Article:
- Hardcover: 948 pages
- Publisher: Canterbury Press Norwich (28 Sept. 2012)
- Language: English
- ISBN-10: 184825122X
- ISBN-13: 978-1848251229
- Product Dimensions: 15.2 x 3.3 x 21.1 cm
- Average Customer Review: 4.4 out of 5 stars See all reviews (14 customer reviews)
- Amazon Bestsellers Rank: 101,954 in Books (See Top 100 in Books)
Customary of Our Lady of Walsingham Hardcover – 28 Sep 2012
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About the Author
Monsignor Andrew Burnham is a priest in the Personal Ordinariate of Our Lady of Walsingham and Assistant to its Ordinary. He has responsibility for the Ordinariate's liturgical provisions.
Aidan Nichols OP is an Affiliated Lecturer in the University of Cambridge and a Catholic priest.
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Top Customer Reviews
The Customary is beautiful and deepens interior life even though one still fumbles. It is helpful to put a hand-written "flow chart" along with other bookmarks in it; I "cheat" by using little movable colored file tabs on the different pages with numbers written on them to facilitate flipping to the next section.
One criticism is that I need reading-glasses for the print, and the book doesn't quite have enough ribbons; so I put some of my own in. Be inventive; the book is an adventure, so make it your own with whatever helps you navigate in the beginning. It is a glorious book, especially the modern readings, many by Newman. It has considered, kept the best, and improved many of the shortcomings of its American predecessor, the BDW; but suitable for the historical and cultural sensibilites of the UK, which is as it should be.
That's not to say it's perfect -- but it is brilliantly edited and rewards the time spent in getting familiar with it. Hang in there, you will become unexpectedly fond of it sooner than you think. I do recommend making a water-proof cover for it for use outdoors.
According to the rubrics, morning and evening prayer (matins and evensong) together constitute a complete office. With two longish readings they each take about thirty minutes to say. Compline and the day hours are provided if required. Compline is very similar to the 1928 BCP, with the ingenious addition of seasonal antiphons for the nunc dimittis (for which alternative canticles are provided at evening prayer if compline is to be said). Final anthems to Our Lady are also provided (in full rather than the truncated ones in the Roman Liturgy of the Hours).
The rubrics allow four readings from holy scripture as given in the lectionary, or one of the non biblical readings provided may be substituted on Sundays and Holy Days. Alternatively, the readings from the Office of Readings in the LotH may be used at either morning or evening prayer. Curiously, there is no mention of substituting the lections from the mass of the day, which would seem to make sense unless one is attending mass that day. The drawback is that to say the office one needs the customary plus either a bible or breviary (or missal).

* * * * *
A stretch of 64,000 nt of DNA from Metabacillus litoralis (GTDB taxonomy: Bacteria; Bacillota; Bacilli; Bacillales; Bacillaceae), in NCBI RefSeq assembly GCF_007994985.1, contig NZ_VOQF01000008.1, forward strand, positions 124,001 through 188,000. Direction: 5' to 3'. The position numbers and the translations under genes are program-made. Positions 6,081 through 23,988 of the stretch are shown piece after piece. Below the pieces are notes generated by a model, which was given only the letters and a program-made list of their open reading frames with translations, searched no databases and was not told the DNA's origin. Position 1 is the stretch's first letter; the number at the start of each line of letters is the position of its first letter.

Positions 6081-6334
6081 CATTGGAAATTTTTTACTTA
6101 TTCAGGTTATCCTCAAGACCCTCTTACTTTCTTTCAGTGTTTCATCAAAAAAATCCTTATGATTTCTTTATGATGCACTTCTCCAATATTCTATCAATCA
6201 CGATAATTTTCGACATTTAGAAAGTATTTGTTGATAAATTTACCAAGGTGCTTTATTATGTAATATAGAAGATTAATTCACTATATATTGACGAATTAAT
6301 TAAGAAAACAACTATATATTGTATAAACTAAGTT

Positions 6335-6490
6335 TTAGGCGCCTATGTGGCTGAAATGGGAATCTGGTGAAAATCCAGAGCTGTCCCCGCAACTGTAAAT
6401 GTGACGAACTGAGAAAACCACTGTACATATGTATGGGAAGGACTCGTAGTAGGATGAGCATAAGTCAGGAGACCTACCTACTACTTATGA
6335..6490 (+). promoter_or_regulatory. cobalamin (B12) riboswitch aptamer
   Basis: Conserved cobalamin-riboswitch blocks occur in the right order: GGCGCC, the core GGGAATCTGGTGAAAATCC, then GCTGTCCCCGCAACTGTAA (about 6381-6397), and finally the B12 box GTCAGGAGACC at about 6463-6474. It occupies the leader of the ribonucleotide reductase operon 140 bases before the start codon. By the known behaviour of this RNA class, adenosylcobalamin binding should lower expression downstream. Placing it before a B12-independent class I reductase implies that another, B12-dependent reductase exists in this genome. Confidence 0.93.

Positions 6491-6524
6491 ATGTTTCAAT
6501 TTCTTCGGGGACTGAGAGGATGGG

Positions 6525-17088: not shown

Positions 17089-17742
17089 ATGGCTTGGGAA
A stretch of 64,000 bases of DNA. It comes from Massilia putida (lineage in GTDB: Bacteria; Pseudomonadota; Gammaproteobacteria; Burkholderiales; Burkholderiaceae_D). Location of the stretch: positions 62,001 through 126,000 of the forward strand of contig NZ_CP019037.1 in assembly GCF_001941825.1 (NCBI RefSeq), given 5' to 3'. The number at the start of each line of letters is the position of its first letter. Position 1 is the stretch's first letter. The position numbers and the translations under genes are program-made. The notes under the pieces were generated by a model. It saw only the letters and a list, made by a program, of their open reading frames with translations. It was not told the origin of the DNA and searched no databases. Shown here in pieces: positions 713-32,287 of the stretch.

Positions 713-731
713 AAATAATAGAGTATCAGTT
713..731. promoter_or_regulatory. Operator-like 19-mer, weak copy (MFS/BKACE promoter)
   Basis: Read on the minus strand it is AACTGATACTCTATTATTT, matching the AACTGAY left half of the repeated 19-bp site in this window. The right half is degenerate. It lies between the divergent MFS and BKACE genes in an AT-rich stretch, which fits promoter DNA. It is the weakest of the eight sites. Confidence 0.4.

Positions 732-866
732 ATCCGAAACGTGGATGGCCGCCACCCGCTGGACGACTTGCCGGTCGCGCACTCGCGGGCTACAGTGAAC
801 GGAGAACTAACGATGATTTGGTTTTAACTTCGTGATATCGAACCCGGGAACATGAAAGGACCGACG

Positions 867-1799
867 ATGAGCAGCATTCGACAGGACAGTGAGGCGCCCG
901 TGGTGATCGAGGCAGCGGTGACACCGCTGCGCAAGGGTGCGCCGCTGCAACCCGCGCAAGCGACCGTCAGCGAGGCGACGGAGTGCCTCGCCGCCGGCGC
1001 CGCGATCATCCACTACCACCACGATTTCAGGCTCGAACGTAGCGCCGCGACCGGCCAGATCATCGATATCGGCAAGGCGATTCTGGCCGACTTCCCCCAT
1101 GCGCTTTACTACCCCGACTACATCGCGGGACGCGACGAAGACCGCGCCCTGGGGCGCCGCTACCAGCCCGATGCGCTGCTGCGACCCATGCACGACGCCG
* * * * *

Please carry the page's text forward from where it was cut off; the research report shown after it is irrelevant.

Anyone used to praying the traditional Anglican office is unlikely to have difficulty with the Customary.Read more ›
The grandeur of Prayer Book English is mostly retained, yet occasionally concessions weaken this. For instance, Holy Ghost is changed to Holy Spirit, which having an extra syllable, does not roll off the tongue with the same dignity. Passages from Scripture are also taken from the RSV and not the King James Bible. If the KJV was unacceptable to Catholics, could the Douay-Rheims not have been used?
The page markers are useful and I like the short lectionary at the back, which is useful if one does not want to disrupt daily prayer by searching in one's Bible for passages.
This is an elegant volume and very well bound. It is sturdy enough to last many years.
Overall I am grateful to see one of our 'treasures' being made available in this way.
Most Recent Customer Reviews
An excellent book for members of the Ordinariate, but rather a lot of misprints11Published 12 months ago by rosalind brunwin
This is an excellent resource for anyone who is even remotely interested in the story of Catholic England. Read morePublished on 5 Mar. 2015 by E. Tomlinson
This is daily prayer recommended for those Anglicans who, whilst remembering their history and liturgy ,become Catholic.
The book is as beautiful as the prayers it contains.
I give it only two stars because firstly, the translations of the psalms do not correctly match either the latin gallican psalter or greek septuagint psalter. Read morePublished on 16 Oct. 2013 by Philip Mcavoy
For an Anglican joining the Ordinariate it is a Feast of familiar texts and cadences of sublime beauty, you will not be disappointedPublished on 7 Oct. 2013 by Graham Collingwood